Options weigh heavy on teachers

Since the start of this so-called bargaining process, the BCTF had bent over backwards to comply with the law.

Horace Walpole wrote that “This world is a comedy to those that think, a tragedy to those that feel.”  In the last few weeks I have wrestled a lot with my feelings and my thoughts, and the Honourable George Abbott has been much the cause of it.  Since the start of this so-called bargaining process, the BCTF had bent over backwards to comply with the law, and in response to our compliance we have had our employer attempt to bill our union for 15 per cent of all teacher salaries, while adding to their opening list of demands bewildering new concessions that would strip language from our contracts regarding hiring, firing, placement, and seniority, while offering no concessions to improve education or teacher compensation.  Last week the B.C. Liberals announced that they were going to pull another $100 million out of public education, and Abbott announced that he was going to legislate an end to our job action because it has hurt some students, deprived parents of report cards, and increased the workload for principals, vice-principals and superintendents.  I had to laugh.  Increasing the workload of BCPSEA members was the intent of the job action, and when has the government ever expressed concern when teacher workloads increase?  Regarding students, the effect has been minimal, especially when measured against the effect of funding cuts.  Mostly I laughed at the accusation that we deprived parents of report cards, for there is this program called BCesis that the ministry spent tens of millions of dollars setting up, and if it worked properly, parents would be able to easily access the grades of their kids, having a record of every mark and every missed assignment.  But BCesis hasn’t worked.  All it has done is increased teacher workloads, and teacher frustration.  For two years teachers warned the ministry against imposing this flawed program on districts not yet traumatized by it, but to no avail.

Then the Honourable George Abbott declared that expecting the government to provide support for special needs students was discriminatory, and as laughable as the logic was, I was simply too stunned to respond.  To make me feel better, I reread Abbott’s  interview on CKNW where he suggested that the weight given seniority is such that a social studies teacher could win a math posting simply because of his/her years on the job.  Abbott said “It is so commonsensical I don’t understand the fervent objection to this as somehow contract stripping.”  His proposed solution to this non-existent situation is to strip the language from the contract that prevents it from happening.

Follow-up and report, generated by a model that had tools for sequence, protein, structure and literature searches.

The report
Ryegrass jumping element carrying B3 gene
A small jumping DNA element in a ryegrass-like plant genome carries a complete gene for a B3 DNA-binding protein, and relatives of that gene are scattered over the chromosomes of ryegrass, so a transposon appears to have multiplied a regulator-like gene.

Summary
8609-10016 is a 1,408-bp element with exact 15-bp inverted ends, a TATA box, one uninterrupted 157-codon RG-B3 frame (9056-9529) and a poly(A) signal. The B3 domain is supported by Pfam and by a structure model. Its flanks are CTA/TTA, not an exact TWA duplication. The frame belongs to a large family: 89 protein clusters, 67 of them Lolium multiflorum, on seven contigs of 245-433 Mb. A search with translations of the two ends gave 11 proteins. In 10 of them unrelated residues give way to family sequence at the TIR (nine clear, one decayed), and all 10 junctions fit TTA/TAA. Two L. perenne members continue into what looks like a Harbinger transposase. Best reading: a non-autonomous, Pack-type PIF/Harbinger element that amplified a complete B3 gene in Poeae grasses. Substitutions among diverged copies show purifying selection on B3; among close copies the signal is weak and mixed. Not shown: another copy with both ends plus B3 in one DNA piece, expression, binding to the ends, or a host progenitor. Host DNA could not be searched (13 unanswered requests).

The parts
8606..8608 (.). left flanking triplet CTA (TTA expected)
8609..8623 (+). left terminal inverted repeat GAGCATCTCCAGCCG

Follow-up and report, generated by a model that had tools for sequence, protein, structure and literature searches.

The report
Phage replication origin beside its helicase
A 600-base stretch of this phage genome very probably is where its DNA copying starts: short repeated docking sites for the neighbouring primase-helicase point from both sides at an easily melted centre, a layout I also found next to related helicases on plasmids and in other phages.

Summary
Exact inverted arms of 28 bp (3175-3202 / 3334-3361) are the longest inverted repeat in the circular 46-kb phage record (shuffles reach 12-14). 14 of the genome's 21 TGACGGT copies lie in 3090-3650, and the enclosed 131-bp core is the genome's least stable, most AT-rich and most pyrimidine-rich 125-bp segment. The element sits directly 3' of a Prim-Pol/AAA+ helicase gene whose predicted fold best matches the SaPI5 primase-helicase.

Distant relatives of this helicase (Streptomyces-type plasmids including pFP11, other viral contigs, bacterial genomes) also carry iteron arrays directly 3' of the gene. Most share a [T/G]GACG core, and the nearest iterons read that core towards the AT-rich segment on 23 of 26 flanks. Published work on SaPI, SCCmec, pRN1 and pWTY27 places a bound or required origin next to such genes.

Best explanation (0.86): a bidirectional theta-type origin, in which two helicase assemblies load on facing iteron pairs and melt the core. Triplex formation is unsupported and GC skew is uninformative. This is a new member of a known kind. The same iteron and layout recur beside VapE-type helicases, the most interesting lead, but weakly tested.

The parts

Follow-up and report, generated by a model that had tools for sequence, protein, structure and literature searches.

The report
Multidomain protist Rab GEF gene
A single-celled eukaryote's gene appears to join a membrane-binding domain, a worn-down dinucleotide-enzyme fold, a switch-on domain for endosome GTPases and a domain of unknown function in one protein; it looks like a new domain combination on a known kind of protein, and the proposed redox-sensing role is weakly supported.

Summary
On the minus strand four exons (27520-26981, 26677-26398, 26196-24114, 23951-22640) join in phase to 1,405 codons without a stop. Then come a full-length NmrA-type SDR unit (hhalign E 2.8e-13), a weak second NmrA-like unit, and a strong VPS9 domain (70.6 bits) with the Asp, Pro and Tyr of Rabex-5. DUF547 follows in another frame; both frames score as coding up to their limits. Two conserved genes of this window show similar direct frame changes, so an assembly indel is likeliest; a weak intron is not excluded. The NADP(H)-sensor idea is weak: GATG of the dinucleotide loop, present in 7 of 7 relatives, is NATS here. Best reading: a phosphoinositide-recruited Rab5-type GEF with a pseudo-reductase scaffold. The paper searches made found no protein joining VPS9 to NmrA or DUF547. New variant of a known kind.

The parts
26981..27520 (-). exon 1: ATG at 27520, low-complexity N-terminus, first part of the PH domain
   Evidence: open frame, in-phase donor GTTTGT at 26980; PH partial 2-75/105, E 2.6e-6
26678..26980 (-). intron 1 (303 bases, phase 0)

Then, to warm my heart, I read how Abbott has visited 95 schools, and how “Every visit and every meeting has only reinforced in my mind that British Columbia has a great education system, filled with people who are passionate about what they do.  I’ve seen first-hand how important teachers are to student success.”  Such nice words, but then Abbott proclaims of teachers that our “singular focus has been to secure a large salary increase — 15 per cent over three years,” which implies that, in the eyes of this government, we are a bunch of greedy bastards out to destroy the province.  At least we are passionate about it.

When Abbott drafted the legislation ending our job action, he introduced draconian fines and measures that have left teachers with only two options: either we surrender unconditionally and pray that they are merciful as we kowtow before them, or else we protest by engaging in the only type of legal job-action remaining to us – a withdrawal of all voluntary services (and our union is prevented from recommending even that).   We could cease coaching, close down clubs, and stop tutoring students outside of class time.  Sports programs, drama productions, music, dance, art, science trips, clubs and causes would all be sacrificed.  Lamentably, the effect of this would be very predictable – the Honorable George Abbott crowing about how teachers must not really care all that much about their students.  Otherwise, why punish them?

Why indeed?  It is a travesty, a tragedy, and my heart is heavy as I weigh my options, and find that I cannot stomach either.  And then I read the name Abbott gave the legislation that has forced upon us teachers this most bitter of choices – the “Education Improvement Act.”  Now that’s comedy.

Robert Bogunovic